The problem with orchestral music is that it comes from a long tradition, and using orchestration techniques that â€˜workâ€™ often influences the composer towards, if not conservatism, not the most adventurous pieces. However, classic minimalists like Philip Glass and Steve Reich have managed to use a traditional orchestra to their own ends â€“ but not without some complaints from the musicians of the duress playing repetitive patterns. Robert Ashley made a daring, hyper-minimalist attempt on the ACO. Whether it was well-received is not for me to say.
Deconstructing the orchestra is not a new idea. Charles Ives, in his Universe Symphony, had already imagined dividing the orchestra to have separate pulses simultaneously. John Cage was uncomfortable with the idea of a conductor, uncool by definition â€“ even Boulez admitted once that the role of the conductor is that of a â€˜traffic copâ€™. In Etcetera 2/4 Orchestras, the 1986 expansion upon his 1973 original Etcetera, the orchestra is divided into four smaller ensembles, each with its own conductor. The effect is of a â€˜dÃ©cousuâ€™, a disconnect, with a great deal of pauses and no continuous beat whatsoever. It succeeds in sounding just like a piece that doesnâ€™t have a conductor. .. Eve Beglarian had a piece where the orchestra is divided in several groups. Divide to conquerâ€¦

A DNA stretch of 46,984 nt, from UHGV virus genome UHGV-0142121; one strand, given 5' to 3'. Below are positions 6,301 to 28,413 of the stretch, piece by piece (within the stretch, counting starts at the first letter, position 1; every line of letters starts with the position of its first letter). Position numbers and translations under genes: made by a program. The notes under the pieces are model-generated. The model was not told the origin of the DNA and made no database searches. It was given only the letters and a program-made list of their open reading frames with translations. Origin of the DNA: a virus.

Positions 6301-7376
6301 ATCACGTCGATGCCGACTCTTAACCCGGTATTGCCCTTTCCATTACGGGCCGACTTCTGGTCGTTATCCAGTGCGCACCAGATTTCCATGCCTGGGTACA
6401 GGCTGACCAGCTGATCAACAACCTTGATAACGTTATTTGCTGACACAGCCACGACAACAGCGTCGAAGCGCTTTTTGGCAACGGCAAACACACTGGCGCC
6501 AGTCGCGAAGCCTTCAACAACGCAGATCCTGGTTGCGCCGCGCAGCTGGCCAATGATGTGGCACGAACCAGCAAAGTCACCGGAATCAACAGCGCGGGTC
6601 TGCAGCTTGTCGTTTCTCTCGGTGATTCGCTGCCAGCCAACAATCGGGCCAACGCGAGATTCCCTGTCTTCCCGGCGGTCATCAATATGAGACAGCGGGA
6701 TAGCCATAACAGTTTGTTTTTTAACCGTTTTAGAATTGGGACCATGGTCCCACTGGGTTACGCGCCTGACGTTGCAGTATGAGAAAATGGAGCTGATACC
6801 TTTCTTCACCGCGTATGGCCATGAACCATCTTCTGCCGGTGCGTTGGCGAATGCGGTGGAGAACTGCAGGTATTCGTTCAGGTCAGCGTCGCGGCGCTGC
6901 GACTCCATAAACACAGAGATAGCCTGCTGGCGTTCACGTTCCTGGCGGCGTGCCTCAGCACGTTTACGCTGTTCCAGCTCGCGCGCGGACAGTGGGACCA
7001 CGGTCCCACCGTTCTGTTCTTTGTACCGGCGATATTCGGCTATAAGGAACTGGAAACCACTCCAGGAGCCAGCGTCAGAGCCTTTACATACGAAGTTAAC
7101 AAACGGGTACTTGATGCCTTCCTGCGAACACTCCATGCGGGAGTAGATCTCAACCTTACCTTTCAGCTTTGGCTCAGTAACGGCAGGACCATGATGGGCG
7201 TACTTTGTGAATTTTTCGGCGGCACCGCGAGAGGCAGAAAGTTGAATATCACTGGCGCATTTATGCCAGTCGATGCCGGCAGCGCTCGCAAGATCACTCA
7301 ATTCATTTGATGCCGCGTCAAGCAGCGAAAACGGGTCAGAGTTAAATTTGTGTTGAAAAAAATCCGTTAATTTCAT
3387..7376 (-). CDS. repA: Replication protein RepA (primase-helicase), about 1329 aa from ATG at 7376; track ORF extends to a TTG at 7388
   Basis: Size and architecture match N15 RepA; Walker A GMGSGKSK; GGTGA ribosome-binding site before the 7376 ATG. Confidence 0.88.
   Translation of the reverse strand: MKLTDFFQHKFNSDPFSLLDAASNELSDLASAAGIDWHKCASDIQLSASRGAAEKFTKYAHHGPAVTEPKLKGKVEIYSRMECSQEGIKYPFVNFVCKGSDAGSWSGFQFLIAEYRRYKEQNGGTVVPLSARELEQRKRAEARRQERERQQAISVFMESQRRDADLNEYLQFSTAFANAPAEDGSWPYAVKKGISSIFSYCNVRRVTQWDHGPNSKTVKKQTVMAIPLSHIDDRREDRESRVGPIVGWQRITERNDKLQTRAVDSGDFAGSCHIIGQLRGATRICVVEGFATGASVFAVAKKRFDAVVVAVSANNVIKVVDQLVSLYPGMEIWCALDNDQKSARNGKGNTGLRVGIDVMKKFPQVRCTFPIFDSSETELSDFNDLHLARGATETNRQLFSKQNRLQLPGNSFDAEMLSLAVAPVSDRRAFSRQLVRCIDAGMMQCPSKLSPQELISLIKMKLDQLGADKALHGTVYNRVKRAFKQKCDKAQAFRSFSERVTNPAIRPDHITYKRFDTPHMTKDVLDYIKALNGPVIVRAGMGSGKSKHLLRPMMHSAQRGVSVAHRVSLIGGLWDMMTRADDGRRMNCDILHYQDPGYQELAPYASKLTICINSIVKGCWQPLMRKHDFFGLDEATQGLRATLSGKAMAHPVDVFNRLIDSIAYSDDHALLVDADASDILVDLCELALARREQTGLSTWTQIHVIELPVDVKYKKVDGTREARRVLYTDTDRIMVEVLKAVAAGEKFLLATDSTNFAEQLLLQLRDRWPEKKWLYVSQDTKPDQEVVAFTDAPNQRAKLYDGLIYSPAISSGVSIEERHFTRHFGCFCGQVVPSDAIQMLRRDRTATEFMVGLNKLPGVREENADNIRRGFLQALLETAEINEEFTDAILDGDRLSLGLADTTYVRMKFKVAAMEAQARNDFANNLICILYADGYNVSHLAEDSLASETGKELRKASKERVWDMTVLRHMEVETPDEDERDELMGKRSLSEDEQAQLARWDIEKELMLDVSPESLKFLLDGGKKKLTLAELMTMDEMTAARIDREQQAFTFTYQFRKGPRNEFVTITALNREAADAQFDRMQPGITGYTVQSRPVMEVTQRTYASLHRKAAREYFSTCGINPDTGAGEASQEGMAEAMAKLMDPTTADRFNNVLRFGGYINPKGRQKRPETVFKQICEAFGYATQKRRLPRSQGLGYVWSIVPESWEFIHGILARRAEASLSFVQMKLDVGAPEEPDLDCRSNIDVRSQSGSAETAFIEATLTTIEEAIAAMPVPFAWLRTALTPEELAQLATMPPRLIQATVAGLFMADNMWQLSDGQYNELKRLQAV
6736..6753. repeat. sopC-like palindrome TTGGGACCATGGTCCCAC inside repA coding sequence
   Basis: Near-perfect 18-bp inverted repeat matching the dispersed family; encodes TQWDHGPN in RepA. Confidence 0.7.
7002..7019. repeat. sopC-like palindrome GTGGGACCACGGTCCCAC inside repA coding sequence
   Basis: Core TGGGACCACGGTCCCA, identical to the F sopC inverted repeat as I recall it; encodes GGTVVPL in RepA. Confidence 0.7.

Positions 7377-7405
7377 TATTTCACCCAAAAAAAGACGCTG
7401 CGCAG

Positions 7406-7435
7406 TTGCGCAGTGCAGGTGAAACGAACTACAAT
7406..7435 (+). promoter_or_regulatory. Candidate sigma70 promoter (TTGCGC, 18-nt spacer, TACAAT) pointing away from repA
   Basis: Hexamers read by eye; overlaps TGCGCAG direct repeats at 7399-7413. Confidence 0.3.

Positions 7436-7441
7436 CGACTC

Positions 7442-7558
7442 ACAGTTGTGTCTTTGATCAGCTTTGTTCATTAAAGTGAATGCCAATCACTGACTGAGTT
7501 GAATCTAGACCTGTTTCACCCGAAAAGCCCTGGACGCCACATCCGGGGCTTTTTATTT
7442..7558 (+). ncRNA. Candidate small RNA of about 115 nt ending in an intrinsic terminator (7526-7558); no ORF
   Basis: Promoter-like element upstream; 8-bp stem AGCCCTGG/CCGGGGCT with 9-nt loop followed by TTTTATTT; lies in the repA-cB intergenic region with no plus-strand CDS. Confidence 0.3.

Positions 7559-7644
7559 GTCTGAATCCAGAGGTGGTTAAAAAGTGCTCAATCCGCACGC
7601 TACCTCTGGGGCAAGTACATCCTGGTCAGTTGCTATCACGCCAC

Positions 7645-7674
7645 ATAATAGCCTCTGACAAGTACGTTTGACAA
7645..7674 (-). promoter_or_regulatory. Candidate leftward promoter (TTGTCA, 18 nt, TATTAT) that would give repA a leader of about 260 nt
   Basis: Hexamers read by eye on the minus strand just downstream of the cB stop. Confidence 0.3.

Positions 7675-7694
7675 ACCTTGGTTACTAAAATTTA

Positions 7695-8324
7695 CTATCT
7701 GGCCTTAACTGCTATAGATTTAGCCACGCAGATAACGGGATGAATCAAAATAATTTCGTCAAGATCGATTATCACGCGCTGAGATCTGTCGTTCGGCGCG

Other composers defy the musiciansâ€™ role and make them do things that they would not expect, such as free improvisation, or standing and walking with their instruments. Lisa Bielawa and Johnny Reinhard have used these devices to make the orchestra come alive, so to speak. Those are exciting but unfortunately rare occasions, and most of the scores that would suggest such nonsense are automatically rejected.
The greatest challenge in writing orchestral music is to find a balance between a radical disruption of the orchestral gestalt – which does not always yield the expected results – and a way to reuse and recycle the orchestral behemoth. The taming of the orchestra is not just a matter of music â€“ it is political. The conductor is the impersonation of patriarchal power. The social model of the orchestra is the army. Discipline is necessary in order to coordinate large groups, but alternative models are needed. How about a matriarchal, nurturing model, for instance?